“Over New Year,” a 30-year-old woman tells Shukan Asahi (March 27), “I rented a hotel suite and spent the night there all by myself, drinking wine in a bubble bath and reading a magazine.” She smiles. “Very elegant, don’t you think?”
Very. The key word is “all by myself” -- which is how, Shukan Asahi finds, a growing number of women prefer to spend their time. It’s not that they don’t have friends and significant others. It’s that -- well, who needs them? Their presence only spoils that certain special atmosphere you can only create in solitude.
Example follows example. A working woman with a 2-year-old daughter has to hire a babysitter anyway, so when she finishes work early, she treats herself to a solitary sushi dinner and then goes out for a drink or two. A 26-year-old Kansai-area freeter penny-pinches her meager earnings as best she can, and then, when she has enough, she treats herself to a first-class restaurant meal. “Once I took the day off and went to Yokohama for a full-course French dinner. At the restaurants I like best,” she says, “I prefer to be alone.”
Doesn’t dining alone feel… well, lonely?
“No way,” she says. “Alone, you can really savor the taste of your food. You can take as much time as you like. With no friend or lover present, you can, for a while, live entirely for yourself.”
Shukan Asahi uses the expression “good at being alone,” as though it were a skill. If it is, more and more women are acquiring it -- or maybe they were born with it.
“There are two main reasons,” says Tokyo University professor Chizuko Ueno, author of a book on the subject, “for the proliferation of ‘o-hitori-sama’” -- the neologism coined to describe women soloing out on the town. “First, women have stronger social skills than men” -- which presumably give them confidence to venture alone into the sort of place where everyone else is matched with somebody. “Secondly, a woman is conventionally expected to adjust her behavior to the mood of her companion. It’s very stressful. No wonder they’ve come to think, ‘It’s more fun alone!’”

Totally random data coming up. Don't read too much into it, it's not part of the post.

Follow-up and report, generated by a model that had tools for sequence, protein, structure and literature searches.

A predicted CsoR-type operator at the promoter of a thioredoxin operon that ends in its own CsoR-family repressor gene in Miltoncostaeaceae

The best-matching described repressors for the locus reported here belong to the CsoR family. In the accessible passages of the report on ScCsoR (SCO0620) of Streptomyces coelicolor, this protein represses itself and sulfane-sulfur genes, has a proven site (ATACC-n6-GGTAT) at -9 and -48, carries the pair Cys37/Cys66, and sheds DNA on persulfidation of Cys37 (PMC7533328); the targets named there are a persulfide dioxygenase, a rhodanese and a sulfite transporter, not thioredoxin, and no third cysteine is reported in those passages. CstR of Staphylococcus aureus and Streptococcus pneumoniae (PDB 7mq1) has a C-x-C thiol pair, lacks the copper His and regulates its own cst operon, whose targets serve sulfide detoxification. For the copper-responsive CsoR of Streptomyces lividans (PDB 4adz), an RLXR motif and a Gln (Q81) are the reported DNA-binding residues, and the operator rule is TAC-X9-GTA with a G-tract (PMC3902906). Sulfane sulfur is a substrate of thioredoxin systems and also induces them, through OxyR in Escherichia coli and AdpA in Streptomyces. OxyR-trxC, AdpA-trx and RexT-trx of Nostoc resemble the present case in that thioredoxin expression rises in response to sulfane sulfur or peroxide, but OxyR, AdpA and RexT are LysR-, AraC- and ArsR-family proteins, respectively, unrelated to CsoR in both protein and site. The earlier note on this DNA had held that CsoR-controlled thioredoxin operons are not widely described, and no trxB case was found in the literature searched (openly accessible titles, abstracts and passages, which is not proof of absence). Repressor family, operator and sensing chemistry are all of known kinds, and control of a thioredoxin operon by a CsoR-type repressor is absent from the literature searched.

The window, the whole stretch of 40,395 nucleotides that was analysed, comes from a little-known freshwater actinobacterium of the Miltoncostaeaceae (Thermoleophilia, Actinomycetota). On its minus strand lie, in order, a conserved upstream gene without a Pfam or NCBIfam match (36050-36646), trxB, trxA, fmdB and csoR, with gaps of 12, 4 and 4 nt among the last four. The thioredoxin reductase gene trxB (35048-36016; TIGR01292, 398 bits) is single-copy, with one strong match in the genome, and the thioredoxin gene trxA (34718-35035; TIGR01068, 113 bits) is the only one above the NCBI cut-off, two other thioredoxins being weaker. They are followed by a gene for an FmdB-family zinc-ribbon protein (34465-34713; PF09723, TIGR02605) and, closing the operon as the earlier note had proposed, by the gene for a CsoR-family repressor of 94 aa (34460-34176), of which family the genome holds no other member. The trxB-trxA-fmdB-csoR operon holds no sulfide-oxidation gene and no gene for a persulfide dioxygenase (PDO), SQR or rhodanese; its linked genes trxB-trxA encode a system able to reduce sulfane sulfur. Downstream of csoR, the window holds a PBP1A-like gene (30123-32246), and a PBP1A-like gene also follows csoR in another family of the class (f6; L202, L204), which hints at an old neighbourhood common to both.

A staffer at a karaoke box in Tokyo’s Shibuya has noticed over the past two or three years a growing number of women coming in alone. “Now,” he says, these solitary women “make up 30% of our business.”
One of them is a third-year college student, who explains it this way: “When you’re with other people, you can only sing songs everyone knows, or songs that the others are in the mood for. You end up not singing what you want to sing. To work off the stress that builds up, I’ll come again on another day to sing alone.”
Then there’s the 25-year-old office worker whose idea of the perfect date is to leave her boyfriend at home and go where she wants to go by herself.
“I like the sort of places where people go on dates,” she tells Shukan Asahi. “He hates them. Sometimes he’ll let me drag him along, but it’s always, ‘This is no fun,’ ‘Let’s go home already.’ So I go on dates by myself. I’ll go to a nice place for lunch, then maybe to a planetarium, and then I’ll go to Yokohama for dinner at Chinatown.”
“I have a boyfriend, but to be honest,” says another young woman, putting the essence of the solitary social life in a nutshell,” it’s more fun without him.”© Japan Today